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Re: [Public WebGL] ARB_robustness and array bounds checking

On Oct 24, 2011, at 10:14 AM, Gregg Tavares (wrk) wrote:

>> ...This is my recollection as well. There have been discussions in some
>> of the working groups about strengthening the guarantees in
>> ARB_robustness' robust buffer access: for example, either clamping the
>> access to within the buffer, or returning a specified constant value,
>> so that the extension's behavior is testable. Otherwise the best test
>> that can be written is one which accesses wildly out-of-range values
>> and passes if it doesn't crash, which isn't very good.
> I'm not sure I understand the issue. ARB_robustness states that out-of-bounds accesses are forbidden. Do we care if an error is reported or not? The only thing that would help with is debugging. And we can always add a debugging extension like the two we already have which would do bounds checking and report errors as stated in today's spec. But it would be nice if we could avoid this overhead for hardware that complies with ARB_robustness.
> Not to be snarky but seriously? How many driver bugs have we found? And we want trust that some untestable feature is actually working? If it's not testable then it's not tested. If it's not tested it's not working. 

That is very snarky and not particularly helpful. If we made "testability" a requirement, there are many drivers functions that would have to change. Look at section 4.5 of the spec. It states that all shaders "must not be allowed to read or write array elements that lie outside the bounds of the array". And then goes on to state that an implementation may generate an error or return some constant value in place of the invalid access. So why in section 6.4 do we require errors to be generated on vertex array accesses?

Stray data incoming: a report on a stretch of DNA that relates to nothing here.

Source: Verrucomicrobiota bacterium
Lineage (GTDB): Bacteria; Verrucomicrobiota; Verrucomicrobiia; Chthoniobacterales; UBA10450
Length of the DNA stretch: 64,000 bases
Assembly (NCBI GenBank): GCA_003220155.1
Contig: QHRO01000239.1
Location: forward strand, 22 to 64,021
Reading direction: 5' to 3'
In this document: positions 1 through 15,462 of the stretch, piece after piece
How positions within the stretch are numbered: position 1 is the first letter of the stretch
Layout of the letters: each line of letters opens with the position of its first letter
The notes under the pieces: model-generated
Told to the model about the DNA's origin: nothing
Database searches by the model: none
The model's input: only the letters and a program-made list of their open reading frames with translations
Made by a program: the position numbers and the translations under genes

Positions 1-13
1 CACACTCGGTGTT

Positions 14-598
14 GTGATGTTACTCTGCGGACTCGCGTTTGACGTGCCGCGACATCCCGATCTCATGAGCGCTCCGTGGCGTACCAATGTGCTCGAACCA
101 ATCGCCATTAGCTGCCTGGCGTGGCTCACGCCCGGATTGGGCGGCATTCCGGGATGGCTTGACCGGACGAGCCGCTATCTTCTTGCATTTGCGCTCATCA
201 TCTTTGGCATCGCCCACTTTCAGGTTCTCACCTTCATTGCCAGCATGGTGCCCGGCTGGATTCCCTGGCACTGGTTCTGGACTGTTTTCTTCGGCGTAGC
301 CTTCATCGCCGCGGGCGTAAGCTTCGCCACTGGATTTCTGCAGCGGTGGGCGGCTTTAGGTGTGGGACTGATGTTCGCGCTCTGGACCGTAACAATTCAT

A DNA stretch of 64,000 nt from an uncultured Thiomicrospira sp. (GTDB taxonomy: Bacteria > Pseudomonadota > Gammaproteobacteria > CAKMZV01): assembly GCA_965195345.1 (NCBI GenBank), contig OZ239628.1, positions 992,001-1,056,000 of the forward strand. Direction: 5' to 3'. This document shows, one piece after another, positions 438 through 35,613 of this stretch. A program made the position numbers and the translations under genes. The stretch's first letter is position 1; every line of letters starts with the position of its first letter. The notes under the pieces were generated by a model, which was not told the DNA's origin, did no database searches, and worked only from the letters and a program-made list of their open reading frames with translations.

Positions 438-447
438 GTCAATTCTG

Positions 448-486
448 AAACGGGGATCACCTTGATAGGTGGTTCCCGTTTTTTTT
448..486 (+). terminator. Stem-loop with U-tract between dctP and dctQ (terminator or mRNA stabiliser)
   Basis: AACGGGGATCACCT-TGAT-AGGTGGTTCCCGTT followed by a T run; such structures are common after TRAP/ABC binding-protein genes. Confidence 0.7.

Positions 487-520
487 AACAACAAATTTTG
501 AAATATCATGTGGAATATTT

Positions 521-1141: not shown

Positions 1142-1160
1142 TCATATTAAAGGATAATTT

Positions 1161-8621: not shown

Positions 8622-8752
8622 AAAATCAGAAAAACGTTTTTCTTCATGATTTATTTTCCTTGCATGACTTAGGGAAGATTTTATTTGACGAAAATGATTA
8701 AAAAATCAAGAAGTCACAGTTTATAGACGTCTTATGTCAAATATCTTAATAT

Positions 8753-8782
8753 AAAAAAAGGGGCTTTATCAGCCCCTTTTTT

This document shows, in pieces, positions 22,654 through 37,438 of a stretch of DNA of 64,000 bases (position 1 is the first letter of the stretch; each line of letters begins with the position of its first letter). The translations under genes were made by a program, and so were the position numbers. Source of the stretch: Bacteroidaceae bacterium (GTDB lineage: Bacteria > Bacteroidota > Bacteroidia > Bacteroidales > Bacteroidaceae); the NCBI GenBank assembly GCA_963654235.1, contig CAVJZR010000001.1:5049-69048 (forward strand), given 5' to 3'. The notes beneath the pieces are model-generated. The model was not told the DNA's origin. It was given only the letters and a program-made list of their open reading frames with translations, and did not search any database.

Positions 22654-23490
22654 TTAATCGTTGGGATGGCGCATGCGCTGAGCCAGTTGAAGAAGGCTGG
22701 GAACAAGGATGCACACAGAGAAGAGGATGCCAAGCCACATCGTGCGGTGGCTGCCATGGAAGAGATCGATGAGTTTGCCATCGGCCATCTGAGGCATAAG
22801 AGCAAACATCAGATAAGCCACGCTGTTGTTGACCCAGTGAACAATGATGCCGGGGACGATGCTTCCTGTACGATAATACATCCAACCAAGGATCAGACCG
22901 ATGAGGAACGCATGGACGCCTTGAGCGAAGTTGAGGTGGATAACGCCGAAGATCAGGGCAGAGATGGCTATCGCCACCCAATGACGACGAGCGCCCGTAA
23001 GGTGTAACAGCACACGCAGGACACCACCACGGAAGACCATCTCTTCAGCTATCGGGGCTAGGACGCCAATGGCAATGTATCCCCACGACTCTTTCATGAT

> It would also be nice if the behavior was consistent because if drivers handle this differently (some return a specific value, others return the ends of arrays, others return a different value) you can be sure that people will ship apps, see that it works on their own hardware and then only later find that it's draw crazy stuff on other hardware.

There are many error conditions that different drivers handle differently. The OpenGL specs are left purposely flexible in some areas to avoid overly constraining drivers with error handling that would be too expensive. We may be able to tighten some of the error handling requirements at the WebGL layer without adding undue overhead. But in the case of vertex array bounds checking, today's requirements add significant overhead. 


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